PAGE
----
What is a credit rating?
A credit score is a quantified assessment of a borrower’s creditworthiness in general terms or in relation to a particular debt or financial obligation. A credit rating can be assigned to any entity seeking to borrow money – an individual, a business, a state or provincial authority, or a sovereign government.
Individual credit is assessed by credit bureaus such as Experian and TransUnion on a 3-digit number scale using a form of Fair Isaac credit rating (FICO). Credit and evaluation for businesses and governments is usually done by a credit rating agency such as Standard & Poor’s (S&P), Moody’s or Fitch. These rating agencies are remunerated by the entity which seeks a credit score for itself or for one of its debt problems.
How the credit rating works
A loan is a debt – essentially a promise, often contractual, and a credit score determines the likelihood that the borrower will be able and willing to repay a loan within the limits of the loan agreement, without default. A high credit rating indicates a strong possibility of paying off the loan in full without any problem; a bad credit rating suggests that the borrower has struggled to repay their loans in the past and may follow the same pattern in the future. The credit rating affects the entity’s chances of being approved for a given loan or of receiving favorable terms for that loan.
Credit ratings apply to businesses and government, while credit ratings apply only to individuals. Credit ratings are derived from credit history maintained by credit reporting agencies such as Equifax, Experian and TransUnion. A person’s credit rating is shown as a number, usually between 300 and 850. Similarly, sovereign credit ratings apply to national governments, while corporate credit ratings apply only to companies. (For related reading, see “Credit Score vs. Credit Score: What’s the Difference?”)
A short-term credit rating reflects the likelihood of borrower default during the year. This type of credit rating has become the norm in recent years, when in the past, long-term credit ratings were more widely taken into account. Long-term credit scores predict the likelihood of borrower default at some point in the extended future.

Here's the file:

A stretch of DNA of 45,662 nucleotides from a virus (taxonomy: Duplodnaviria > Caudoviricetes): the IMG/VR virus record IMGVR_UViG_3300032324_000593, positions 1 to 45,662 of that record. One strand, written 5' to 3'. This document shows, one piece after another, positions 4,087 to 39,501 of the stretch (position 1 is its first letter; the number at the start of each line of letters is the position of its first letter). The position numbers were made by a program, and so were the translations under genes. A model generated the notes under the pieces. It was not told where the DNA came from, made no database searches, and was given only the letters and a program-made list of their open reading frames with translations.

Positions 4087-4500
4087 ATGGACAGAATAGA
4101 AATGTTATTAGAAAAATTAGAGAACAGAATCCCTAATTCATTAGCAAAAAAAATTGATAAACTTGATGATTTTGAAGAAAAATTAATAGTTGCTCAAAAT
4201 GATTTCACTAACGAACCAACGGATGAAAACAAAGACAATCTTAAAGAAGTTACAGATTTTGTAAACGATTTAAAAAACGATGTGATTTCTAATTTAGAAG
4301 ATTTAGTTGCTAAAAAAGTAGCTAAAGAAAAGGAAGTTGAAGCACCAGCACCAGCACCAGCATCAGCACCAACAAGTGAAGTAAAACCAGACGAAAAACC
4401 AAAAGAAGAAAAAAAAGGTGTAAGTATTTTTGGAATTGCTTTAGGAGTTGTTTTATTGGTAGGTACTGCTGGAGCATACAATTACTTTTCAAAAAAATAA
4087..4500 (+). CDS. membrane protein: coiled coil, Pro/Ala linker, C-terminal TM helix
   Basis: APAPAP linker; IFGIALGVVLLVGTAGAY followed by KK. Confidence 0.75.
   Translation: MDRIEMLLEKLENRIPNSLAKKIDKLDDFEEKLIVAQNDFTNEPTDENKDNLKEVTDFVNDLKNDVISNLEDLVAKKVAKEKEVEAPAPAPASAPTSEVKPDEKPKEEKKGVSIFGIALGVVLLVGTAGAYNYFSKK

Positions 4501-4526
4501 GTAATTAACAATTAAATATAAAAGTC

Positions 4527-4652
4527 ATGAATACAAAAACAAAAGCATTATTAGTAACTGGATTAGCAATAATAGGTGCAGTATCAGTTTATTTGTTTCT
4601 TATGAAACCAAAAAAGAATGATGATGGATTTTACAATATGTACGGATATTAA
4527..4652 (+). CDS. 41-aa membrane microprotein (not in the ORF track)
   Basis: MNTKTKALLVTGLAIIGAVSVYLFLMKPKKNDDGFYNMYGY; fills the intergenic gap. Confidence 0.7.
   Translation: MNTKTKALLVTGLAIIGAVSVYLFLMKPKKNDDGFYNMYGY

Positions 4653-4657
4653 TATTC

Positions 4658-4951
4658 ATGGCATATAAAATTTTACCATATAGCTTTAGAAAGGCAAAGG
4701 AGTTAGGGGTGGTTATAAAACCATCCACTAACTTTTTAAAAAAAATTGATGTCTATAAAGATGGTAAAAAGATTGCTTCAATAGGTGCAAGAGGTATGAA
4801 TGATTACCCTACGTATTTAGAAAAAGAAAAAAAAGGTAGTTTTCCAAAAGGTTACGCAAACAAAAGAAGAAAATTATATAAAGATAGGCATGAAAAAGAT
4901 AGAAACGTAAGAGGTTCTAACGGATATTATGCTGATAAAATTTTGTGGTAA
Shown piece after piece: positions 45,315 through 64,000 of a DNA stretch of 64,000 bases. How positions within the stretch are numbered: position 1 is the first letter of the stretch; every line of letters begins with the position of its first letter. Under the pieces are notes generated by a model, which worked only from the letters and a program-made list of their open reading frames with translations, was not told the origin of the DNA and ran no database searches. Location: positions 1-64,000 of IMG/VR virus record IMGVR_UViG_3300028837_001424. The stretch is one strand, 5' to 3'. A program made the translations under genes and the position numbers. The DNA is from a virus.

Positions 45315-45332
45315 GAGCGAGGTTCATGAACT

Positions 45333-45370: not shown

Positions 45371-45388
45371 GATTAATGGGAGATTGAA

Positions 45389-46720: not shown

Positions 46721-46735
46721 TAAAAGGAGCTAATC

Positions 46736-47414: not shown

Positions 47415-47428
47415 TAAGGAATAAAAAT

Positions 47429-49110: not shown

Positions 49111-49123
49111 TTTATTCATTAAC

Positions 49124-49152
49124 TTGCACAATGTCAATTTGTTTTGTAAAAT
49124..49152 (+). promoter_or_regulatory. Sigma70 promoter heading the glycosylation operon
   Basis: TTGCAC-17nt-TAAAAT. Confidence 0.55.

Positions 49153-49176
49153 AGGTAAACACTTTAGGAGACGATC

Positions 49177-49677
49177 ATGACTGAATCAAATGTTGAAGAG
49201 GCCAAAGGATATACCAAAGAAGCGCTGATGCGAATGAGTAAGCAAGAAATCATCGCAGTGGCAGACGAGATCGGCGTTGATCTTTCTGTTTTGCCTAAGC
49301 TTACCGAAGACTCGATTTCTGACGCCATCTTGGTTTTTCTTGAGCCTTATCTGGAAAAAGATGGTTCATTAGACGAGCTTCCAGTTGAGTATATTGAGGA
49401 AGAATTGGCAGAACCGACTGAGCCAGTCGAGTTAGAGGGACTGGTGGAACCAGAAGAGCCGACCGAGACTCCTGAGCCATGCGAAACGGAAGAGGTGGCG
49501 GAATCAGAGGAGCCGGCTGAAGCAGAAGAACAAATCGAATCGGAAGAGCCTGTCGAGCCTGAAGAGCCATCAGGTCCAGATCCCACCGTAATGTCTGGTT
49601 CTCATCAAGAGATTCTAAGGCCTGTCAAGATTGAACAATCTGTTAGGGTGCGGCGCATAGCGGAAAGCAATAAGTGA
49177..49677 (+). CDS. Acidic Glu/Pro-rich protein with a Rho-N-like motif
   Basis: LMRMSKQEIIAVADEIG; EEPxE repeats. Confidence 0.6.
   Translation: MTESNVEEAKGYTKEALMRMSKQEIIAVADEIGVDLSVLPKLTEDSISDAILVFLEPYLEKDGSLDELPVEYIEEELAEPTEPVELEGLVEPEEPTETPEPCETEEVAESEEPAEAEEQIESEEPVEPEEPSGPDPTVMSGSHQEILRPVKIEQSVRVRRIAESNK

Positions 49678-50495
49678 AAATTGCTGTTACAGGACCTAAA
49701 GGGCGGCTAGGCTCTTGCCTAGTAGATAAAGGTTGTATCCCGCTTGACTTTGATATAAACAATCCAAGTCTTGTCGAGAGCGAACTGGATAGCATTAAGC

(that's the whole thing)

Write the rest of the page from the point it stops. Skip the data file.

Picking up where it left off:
Credit rating agencies generally assign scores to indicate the scores. Standard & Poor’s, for example, has a credit rating scale ranging from AAA (excellent) to C and D. A debt instrument with a score lower than BB is considered a speculative rating or an undesirable bond, which means that ‘It is more likely to default on loans.
Key points to remember
- A credit score is a quantified assessment of a borrower’s creditworthiness in general terms or in relation to a particular debt or financial obligation.
- A credit score not only determines whether or not a borrower will be approved for a loan or debt issue, but also determines the interest rate at which the loan will be paid.
- A credit score or score can be assigned to any entity seeking to borrow money – an individual, a business, a state or provincial authority, or a sovereign government.
- Individual credit is evaluated on a numerical scale on the basis of the FICO calculation, bonds issued by companies and governments are rated by credit agencies according to a letter system.
A brief history of credit ratings
Moody’s published credit ratings for publicly available bonds in 1909 and other agencies followed suit in the decades that followed. These ratings did not have a profound effect on the market until 1936, when a new rule was adopted prohibiting banks from investing in speculative bonds, or bonds with low credit ratings, in order ” avoid the risk of default that could lead to financial losses. This practice was quickly adopted by other companies and financial institutions and, soon enough, the use of credit ratings became the norm.